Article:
One infectious disease – Ebola – is dominating the headlines now. But there’s another that affects far more people around the world, including here in the U.S.
Hepatitis C infects an estimated five million Americans, though most of them don’t know it, because it takes years for symptoms to emerge. Now, deaths from hepatitis C are on the rise in baby boomers. And throughout New England, new infections are creeping up among a younger generation. Less than a year ago, their only options for treatment were complicated regimens of injections that didn’t always work. But brand new drugs could change everything. That is, if the cost doesn’t break the bank.
We’re kicking off a new series called “At The Crossroads: Hepatitis C On The Rise And The Fight To Stop It.” Rhode Island Public Radio health care reporter Kristin Gourlay takes us inside the epidemic in Rhode Island and beyond.
This very moment, we’re standing at a crossroads. A place where two epidemics are about to meet. And what happens next is critical.
“The success we have over the next five to ten years is going to depend on what we do over the next one to two years.”
Meet Dr. John Ward. He oversees all things hepatitis C at the centers for disease control and prevention. And what he sees at this crossroads is a crisis.
“One, we have an epidemic of hepatitis c mortality. We have an increasing number of people dying from hepatitis c among the baby boom population who were infected decades ago.”
Baby boomers make up the majority of the estimated five million people who have hepatitis C. Most caught the disease – from sharing needles, or a blood transfusion, most likely - years before we even knew about the virus. And long before we learned to keep it out of our blood supply. It can take decades before symptoms emerge.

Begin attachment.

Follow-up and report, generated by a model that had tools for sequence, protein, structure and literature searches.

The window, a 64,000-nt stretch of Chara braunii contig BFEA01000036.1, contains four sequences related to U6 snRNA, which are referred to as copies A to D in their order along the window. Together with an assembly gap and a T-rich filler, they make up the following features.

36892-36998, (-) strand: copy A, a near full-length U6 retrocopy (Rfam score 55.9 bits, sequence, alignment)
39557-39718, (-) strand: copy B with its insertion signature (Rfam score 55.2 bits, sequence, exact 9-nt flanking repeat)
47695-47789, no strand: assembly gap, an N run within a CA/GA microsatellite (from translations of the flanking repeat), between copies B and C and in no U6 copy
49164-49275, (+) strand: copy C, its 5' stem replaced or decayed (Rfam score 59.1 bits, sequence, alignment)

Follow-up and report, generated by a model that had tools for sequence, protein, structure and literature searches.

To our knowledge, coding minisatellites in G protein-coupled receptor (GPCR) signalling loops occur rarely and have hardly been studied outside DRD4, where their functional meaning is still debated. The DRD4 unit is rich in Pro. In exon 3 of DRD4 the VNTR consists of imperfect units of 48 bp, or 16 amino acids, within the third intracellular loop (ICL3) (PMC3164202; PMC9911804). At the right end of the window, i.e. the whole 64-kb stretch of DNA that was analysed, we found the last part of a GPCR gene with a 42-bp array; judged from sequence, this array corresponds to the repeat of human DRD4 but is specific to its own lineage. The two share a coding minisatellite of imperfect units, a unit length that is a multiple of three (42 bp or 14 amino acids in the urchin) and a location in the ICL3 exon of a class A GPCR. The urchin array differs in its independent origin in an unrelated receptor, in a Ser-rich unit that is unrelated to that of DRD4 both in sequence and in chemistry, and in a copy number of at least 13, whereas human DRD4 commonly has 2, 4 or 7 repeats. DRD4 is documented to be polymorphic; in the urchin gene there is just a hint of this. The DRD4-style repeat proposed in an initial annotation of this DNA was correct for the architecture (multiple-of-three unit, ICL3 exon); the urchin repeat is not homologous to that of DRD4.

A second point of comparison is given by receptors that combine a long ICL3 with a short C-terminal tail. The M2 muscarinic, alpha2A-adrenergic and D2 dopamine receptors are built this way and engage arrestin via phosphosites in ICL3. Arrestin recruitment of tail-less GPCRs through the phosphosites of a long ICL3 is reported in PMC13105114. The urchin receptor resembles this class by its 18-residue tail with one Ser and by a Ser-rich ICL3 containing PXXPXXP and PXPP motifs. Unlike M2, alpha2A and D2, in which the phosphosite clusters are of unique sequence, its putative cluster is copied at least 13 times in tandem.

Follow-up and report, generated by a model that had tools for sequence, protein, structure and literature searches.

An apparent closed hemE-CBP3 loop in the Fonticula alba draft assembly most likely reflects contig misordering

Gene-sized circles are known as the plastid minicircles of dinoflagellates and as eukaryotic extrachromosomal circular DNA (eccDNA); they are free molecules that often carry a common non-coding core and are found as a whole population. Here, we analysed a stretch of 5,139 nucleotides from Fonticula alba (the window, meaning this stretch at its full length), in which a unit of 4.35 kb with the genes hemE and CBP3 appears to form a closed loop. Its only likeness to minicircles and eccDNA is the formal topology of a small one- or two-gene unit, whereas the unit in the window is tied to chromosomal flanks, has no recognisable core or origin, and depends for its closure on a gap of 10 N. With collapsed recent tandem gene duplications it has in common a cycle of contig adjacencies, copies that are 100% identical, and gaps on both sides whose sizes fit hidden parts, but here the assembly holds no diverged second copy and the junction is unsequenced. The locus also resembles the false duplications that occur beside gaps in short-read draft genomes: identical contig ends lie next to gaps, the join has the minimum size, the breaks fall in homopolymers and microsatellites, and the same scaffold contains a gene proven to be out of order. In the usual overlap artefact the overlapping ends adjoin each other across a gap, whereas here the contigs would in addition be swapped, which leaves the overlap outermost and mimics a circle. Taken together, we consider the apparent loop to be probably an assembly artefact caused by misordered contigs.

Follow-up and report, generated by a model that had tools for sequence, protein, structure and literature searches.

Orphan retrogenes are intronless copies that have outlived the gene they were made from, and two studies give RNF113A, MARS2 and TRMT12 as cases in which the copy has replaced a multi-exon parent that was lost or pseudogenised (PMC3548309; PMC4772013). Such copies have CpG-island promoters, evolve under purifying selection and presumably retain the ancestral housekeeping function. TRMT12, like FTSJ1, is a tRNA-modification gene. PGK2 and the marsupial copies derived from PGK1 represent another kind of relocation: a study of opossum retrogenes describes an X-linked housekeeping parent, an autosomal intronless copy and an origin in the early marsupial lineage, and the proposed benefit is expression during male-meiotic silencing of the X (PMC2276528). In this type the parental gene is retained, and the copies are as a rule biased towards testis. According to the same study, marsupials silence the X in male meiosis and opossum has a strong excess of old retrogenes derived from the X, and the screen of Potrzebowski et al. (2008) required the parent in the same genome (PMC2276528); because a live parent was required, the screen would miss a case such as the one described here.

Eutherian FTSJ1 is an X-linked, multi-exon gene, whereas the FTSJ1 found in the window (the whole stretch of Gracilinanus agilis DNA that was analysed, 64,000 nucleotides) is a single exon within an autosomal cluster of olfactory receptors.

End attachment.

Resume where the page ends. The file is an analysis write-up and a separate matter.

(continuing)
“Now their liver disease is so advanced they’re becoming ill from it.”
Hepatitis C now kills more people than HIV. But Ward says new infections are on the rise among young adults, mainly people who inject drugs. More than a dozen states have reported a 200 percent increase in new cases in the past couple of years.
“So we’re getting a second boom generation of hepatitis C.”
So, two generations of people with hepatitis C meet at this crossroads. And so, too, are two generations of drugs meant to cure them. The older generation -- a complicated regimen of injections and pills. It took at least a year… the side effects were debilitating…and it didn’t even cure most people. But as of this year, 2014, everything has changed.
“The era that we have been waiting for has finally arrived. And that era is of safe and highly effective, curative therapies for hepatitis C.”
What’s looking like a safe, reliable treatment for hepatitis C could, theoretically, cure everyone who’s infected. Eliminate hepatitis C.
What’s the hold up? Well, to eliminate something, first you have to know where to find it.
Lynn Taylor, MD knows where to look.
She’s an infectious disease doctor in Providence. After years of treating patients with HIV she came to the conclusion that hepatitis C was causing just as much suffering but not getting nearly enough attention. So she’s made it her mission to change that, starting with Rhode Island. A first step, she says, is catching the disease earlier. And that means getting more people screened, even if they don’t feel sick.
“One of the cruel difficulties with hep c is we don’t know when we catch it, we don’t feel anything typically when we catch it.”
How could that happen? An accidental needle stick, a blood transfusion before 1992, sharing a straw to snort drugs or a needle to inject them. Even once.